Assuming the risk and hoping others will follow, the Outback Pub has instituted a weekly original music policy in an effort to liven up the dreary, human-jukebox ritual along the almighty Richmond Strip. For the time being, Thursdays will be set aside to showcase Texas talent in an assortment of rock guises -- none of which involve playing covers. Most Fridays and Saturdays at the Outback will adhere to this rule, as well.
At least partially to thank for this heartening new development is Richmond Strip live-music impresario Dennis Lange, whose stable of cover bands has ruled the Outer Loop entertainment district for years. Lange's contention has always been that patrons at the nightclubs he books were more than happy with the sound-alike fodder he provides, and that there was little interest in that part of town for original music. So why the sudden change of heart? Actually, says Lange, it hasn't been as abrupt as it seems.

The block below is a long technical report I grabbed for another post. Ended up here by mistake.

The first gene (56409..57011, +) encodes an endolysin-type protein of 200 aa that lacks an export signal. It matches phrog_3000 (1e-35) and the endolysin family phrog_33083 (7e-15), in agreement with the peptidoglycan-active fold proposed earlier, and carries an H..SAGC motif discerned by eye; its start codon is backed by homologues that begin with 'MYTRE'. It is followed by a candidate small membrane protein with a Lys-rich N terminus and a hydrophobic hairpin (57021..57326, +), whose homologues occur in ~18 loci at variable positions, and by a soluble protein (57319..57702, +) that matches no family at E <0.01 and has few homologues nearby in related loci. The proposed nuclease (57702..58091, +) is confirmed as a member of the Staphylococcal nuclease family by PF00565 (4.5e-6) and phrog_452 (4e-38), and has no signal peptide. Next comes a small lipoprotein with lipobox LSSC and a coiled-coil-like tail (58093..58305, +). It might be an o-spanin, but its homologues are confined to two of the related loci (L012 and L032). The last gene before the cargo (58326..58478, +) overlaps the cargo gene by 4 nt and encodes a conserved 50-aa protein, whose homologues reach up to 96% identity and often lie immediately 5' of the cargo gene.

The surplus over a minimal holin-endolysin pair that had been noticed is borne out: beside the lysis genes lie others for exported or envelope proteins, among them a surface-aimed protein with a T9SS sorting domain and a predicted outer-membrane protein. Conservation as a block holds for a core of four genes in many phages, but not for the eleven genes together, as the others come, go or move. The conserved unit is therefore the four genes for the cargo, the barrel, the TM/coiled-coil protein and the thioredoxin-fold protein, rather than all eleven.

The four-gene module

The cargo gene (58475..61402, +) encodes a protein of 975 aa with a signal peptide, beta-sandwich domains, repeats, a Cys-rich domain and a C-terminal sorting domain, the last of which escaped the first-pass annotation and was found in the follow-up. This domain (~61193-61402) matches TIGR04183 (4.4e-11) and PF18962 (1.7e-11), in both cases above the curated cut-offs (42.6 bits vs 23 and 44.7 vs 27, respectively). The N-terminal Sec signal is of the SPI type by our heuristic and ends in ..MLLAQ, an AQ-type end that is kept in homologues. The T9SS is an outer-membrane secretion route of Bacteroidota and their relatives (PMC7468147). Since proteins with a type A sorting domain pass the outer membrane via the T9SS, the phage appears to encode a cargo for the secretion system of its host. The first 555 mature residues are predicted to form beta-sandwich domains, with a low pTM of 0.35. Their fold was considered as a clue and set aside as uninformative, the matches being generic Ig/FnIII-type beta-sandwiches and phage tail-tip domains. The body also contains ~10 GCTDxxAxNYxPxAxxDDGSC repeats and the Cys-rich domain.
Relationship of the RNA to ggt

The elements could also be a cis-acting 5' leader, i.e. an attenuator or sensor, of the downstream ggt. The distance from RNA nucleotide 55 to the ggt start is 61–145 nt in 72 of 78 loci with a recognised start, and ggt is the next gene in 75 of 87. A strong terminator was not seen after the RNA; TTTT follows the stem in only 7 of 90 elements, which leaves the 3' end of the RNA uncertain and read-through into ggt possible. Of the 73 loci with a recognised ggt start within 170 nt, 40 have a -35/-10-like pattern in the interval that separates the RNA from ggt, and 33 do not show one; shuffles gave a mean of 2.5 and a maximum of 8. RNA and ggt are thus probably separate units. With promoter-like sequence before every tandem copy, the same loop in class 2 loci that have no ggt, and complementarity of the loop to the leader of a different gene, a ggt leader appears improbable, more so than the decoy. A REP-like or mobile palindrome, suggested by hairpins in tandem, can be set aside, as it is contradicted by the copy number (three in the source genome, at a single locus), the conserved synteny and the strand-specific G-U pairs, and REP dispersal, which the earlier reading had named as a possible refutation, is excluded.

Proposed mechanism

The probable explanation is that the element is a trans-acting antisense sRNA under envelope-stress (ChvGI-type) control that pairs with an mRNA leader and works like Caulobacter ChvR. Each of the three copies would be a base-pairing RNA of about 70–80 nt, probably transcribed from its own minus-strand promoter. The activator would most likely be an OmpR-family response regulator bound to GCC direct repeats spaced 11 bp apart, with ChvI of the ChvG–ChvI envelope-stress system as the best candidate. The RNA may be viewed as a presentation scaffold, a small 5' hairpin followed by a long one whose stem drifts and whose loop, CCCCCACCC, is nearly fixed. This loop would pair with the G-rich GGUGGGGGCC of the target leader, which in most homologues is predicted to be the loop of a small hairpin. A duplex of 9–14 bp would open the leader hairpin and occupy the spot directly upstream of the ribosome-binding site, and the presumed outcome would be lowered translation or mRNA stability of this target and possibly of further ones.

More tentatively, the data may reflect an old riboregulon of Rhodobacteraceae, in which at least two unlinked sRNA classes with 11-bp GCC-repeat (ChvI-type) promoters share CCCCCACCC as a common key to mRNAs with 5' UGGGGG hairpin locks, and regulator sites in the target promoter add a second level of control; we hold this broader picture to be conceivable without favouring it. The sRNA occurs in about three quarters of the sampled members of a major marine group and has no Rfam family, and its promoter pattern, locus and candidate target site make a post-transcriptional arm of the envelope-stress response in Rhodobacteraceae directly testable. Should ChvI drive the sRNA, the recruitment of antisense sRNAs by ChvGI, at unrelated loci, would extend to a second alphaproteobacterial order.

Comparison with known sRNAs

"I've spent more money on original music than anyone who has ever commented on the fact that I don't support it," Lange says. "I don't know where they get their information, but it's all misconceived. I've been pounding these clubs for years with opportunities to do original music. Outback Pub is the first club that's really given me control of [their] music format; instead of their approving the calendar, they just let me do it. I know that two to three original bands [a night] can work."
Thus far, audience turnouts at the Outback shows have been encouraging, as have the lineups. April's schedule has included everything from ska and ska-punk (Suspects, Middlefinger) to Latin roots-rock and ska (the Basics, Los Skarnales) to funk-driven party grooves (à la ex-Global Villager Chad Strader's new group, Space City Dogs). Coming this Friday to the Outback: FacePlant and Rubbur (the latter's rumored breakup has apparently been postponed for now). Tuesday's Cinco De Mayo celebration includes live performances from Tribu de Ixchel, Larva and Basico Sonidos.
How long the little experiment in originality will last at the Outback is anyone's guess. But Lange remains optimistic.
"It's going to work. We're getting the cream of the crop," he says. "We're going to be the new club on this side of town that is the Satellite Lounge-type deal.
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